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The orchids that concern us here are the “sonderbare geschichten”, or strange stories, which comprise Gustav Meyrink’s first story collection from 1905. I’ve not read any of these so can’t vouch for the strangeness quotient but they inspired their illustrator to provide an accompanying collection of head and tail pieces throughout the book, many of which would have been grotesque enough to find a place in Der Orchideengarten magazine a decade later. The illustrator is unfortunately uncredited so if anyone can identify the individual from the monogram (“JT”…?) please leave a comment. The illustrator is Ignatius Taschner. Thanks to Lutz for the identification!

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René Bull’s Russian Ballet

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L’Oiseau de feu.

I’m sure I’ve said this before but one reason I spend so much time scouring the Internet Archive is in the hope of turning up gems like this recent arrival. The Russian Ballet was a study by Alfred Edwin Johnson of the Ballets Russes, written for an English readership and published in 1913 shortly after Diaghilev’s company had staged their historic performance of Le Sacre du printemps in Paris. Johnson discusses this event, which he attended, but he gives equal space to examinations of the company’s other ballets, from earlier avant-garde pieces like L’après-midi d’un faune to that hardy perennial, Swan Lake. In place of production sketches or photographs we have René Bull’s many illustrations, in colour plates and black-and-white drawings, with the chapters being announced by a title in a graphic style that matches the theme of each ballet. I’d only seen a few of these before on a Flickr page so it’s a treat to see the whole book at last.

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Schéhérazade.

Johnson’s discussion has a tendency to falter when faced with the difficulty of describing a wordless artistic medium. The problem is compounded by the radical nature of many of the ballets, so that Bull’s illustrations become an essential component of the book, giving a flavour of the costumes and dances while the author attempts to relate the emotional qualities of the performances. Bull’s work here isn’t as elaborate is in his illustrated Rubáiyát but then the drawings are serving a documentary purpose.

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Schéhérazade.

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Schéhérazade.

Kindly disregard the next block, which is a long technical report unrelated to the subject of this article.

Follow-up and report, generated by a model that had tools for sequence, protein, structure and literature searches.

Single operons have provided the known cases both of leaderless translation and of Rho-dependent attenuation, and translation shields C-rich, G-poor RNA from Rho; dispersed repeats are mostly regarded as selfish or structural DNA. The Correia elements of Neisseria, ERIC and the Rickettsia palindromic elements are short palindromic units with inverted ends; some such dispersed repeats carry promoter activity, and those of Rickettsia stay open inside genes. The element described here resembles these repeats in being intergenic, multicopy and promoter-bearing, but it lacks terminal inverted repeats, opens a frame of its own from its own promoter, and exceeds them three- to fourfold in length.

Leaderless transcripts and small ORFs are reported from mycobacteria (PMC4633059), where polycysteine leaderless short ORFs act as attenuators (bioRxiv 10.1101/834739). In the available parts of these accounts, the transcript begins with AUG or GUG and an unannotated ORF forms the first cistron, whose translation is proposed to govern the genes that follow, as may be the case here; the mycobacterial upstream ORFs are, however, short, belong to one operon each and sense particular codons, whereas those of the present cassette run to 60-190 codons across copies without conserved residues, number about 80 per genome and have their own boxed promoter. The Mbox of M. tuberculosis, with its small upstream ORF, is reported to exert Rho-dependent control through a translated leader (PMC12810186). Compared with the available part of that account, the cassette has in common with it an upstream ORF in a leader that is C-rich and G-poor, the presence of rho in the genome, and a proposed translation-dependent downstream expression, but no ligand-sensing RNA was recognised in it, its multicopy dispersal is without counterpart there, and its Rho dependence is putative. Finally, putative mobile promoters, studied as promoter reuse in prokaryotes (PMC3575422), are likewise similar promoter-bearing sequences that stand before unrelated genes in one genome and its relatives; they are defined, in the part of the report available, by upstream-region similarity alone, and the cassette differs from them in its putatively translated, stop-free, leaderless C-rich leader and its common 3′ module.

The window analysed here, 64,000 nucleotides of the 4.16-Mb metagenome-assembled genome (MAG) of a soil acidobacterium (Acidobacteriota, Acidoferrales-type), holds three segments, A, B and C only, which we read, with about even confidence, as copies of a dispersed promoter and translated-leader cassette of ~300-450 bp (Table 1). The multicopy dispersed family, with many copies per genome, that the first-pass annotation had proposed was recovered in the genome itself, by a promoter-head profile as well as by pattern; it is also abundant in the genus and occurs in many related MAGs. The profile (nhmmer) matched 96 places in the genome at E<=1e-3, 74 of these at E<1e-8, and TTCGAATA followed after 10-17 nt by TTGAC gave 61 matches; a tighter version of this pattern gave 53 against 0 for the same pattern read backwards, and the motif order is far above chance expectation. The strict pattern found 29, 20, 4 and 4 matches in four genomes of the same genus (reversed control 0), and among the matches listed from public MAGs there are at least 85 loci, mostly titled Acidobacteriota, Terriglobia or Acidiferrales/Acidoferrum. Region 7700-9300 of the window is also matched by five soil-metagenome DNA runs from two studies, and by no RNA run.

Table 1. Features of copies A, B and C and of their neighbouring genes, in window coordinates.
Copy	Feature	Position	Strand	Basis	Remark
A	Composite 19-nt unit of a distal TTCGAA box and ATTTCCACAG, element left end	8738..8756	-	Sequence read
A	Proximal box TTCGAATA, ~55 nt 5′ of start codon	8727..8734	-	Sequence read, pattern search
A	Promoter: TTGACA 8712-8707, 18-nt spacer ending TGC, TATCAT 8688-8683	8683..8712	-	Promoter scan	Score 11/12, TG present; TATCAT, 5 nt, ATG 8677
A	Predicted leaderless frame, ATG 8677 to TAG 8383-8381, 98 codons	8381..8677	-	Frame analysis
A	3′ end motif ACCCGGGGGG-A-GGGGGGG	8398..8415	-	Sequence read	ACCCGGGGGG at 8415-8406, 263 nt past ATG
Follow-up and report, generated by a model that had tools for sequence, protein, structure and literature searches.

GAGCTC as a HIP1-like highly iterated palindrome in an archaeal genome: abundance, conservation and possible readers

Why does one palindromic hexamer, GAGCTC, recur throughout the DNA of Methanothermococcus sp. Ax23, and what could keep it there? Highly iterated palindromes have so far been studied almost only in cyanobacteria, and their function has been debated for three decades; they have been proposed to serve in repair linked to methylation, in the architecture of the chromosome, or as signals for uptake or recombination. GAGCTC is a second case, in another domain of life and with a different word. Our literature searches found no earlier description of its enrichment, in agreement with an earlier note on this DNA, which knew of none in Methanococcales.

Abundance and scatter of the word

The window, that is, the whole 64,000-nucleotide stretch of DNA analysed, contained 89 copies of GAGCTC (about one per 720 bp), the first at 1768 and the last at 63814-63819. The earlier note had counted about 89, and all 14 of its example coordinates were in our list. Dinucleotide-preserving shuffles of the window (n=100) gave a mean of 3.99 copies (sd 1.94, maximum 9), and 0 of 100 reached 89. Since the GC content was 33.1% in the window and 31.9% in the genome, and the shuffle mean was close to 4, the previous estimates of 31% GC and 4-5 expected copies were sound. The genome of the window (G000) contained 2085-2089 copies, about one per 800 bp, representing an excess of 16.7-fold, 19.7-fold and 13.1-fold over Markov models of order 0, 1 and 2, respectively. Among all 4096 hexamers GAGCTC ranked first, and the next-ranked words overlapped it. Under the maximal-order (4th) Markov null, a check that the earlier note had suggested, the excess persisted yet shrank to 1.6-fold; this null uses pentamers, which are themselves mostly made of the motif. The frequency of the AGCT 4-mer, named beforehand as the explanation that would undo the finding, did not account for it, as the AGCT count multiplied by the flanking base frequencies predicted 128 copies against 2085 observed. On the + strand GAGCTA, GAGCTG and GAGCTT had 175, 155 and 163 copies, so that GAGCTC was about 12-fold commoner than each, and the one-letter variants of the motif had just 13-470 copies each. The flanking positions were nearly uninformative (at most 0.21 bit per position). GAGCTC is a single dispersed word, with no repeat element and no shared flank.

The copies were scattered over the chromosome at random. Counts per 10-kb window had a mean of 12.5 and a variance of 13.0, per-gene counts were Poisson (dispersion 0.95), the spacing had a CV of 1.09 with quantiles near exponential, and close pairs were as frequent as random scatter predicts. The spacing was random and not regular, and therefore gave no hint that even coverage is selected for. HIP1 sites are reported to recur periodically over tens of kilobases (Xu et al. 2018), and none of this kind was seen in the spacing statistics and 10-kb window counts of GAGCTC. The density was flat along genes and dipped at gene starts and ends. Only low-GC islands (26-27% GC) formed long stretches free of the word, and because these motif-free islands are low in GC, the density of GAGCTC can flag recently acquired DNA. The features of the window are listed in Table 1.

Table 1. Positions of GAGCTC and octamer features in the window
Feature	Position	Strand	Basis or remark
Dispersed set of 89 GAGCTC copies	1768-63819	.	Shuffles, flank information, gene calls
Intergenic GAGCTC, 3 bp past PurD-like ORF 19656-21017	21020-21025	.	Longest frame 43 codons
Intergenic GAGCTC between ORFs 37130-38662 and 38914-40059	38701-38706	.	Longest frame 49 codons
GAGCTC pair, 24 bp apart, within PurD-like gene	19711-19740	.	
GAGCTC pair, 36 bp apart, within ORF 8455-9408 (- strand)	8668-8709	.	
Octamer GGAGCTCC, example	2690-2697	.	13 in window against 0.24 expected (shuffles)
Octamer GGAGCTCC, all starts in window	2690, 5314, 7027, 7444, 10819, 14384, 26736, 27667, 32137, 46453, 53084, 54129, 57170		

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Narcisse.

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Willy Pogány’s Treasury of Verse

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In the previous post I referred to Willy Pogány’s versatility, and this book of poetry for children shows the degree to which he could adapt his illustrative style to suit the written material. When compared to his minimal drawings for Padraic Colum’s Grecian tales, his Dulac-like Rubáiyát and the elaborate designs for the Tale of Lohengrin these illustrations could be the work of a different artist.

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A Treasury of Verse for Little Children was compiled by Madalen Edgar, and published by Harrap in 1908. The illustrations and page layouts are close enough to the children’s books being produced at this time by Charles Robinson that I wonder whether the similarity was deliberate on Pogány’s part. The drawings stray too much into the twee zone for my taste but the book is worth looking through if only to see the ways in which he varied the hand-drawn title designs for each entry. Pogány’s next commission took another change of direction with an edition of Goethe’s Faust.

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Willy Pogány’s Children of Odin

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I ought to have waited until Wotan’s Day to post this one. The title may suggest a black metal album but these are illustrations by the versatile Willy Pogány for a retelling of Norse myths by Padraic Colum. Pogány illustrated several of Colum’s books, including retellings of Greek myths for which the illustrations resemble the figures found on Grecian ceramics. Children of Odin was published in 1920 with illustrations and page designs closer to Pogány’s drawings and paintings for Colum’s novel, The King of Ireland’s Son. The four colour plates shown here aren’t always present in the editions available online.

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Iduna picking the Apples of Life for the Gods.

Jason and the Argonauts was one of my favourite films when I was 10 years old (and the story of the Golden Fleece happens to be the subject of a later Colum/Pogány volume) but I was never very interested in the written accounts of Greek mythology. The world of the Norse gods was darker and more mysterious, and I read Roger Lancelyn Green’s Myths of the Norsemen many times. I’m sure I would have done the same with Colum’s book, especially in this edition which contains over 40 illustrations. These days, any mention of Odin and Thor is blighted by association with the steroidal junk of “The Marvel Universe” and neopagan numbskullery. Feed them all to Fenrir and the Midgard Serpent, say I, and let the old gods rest in peace.

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Odin at Mimir’s Well.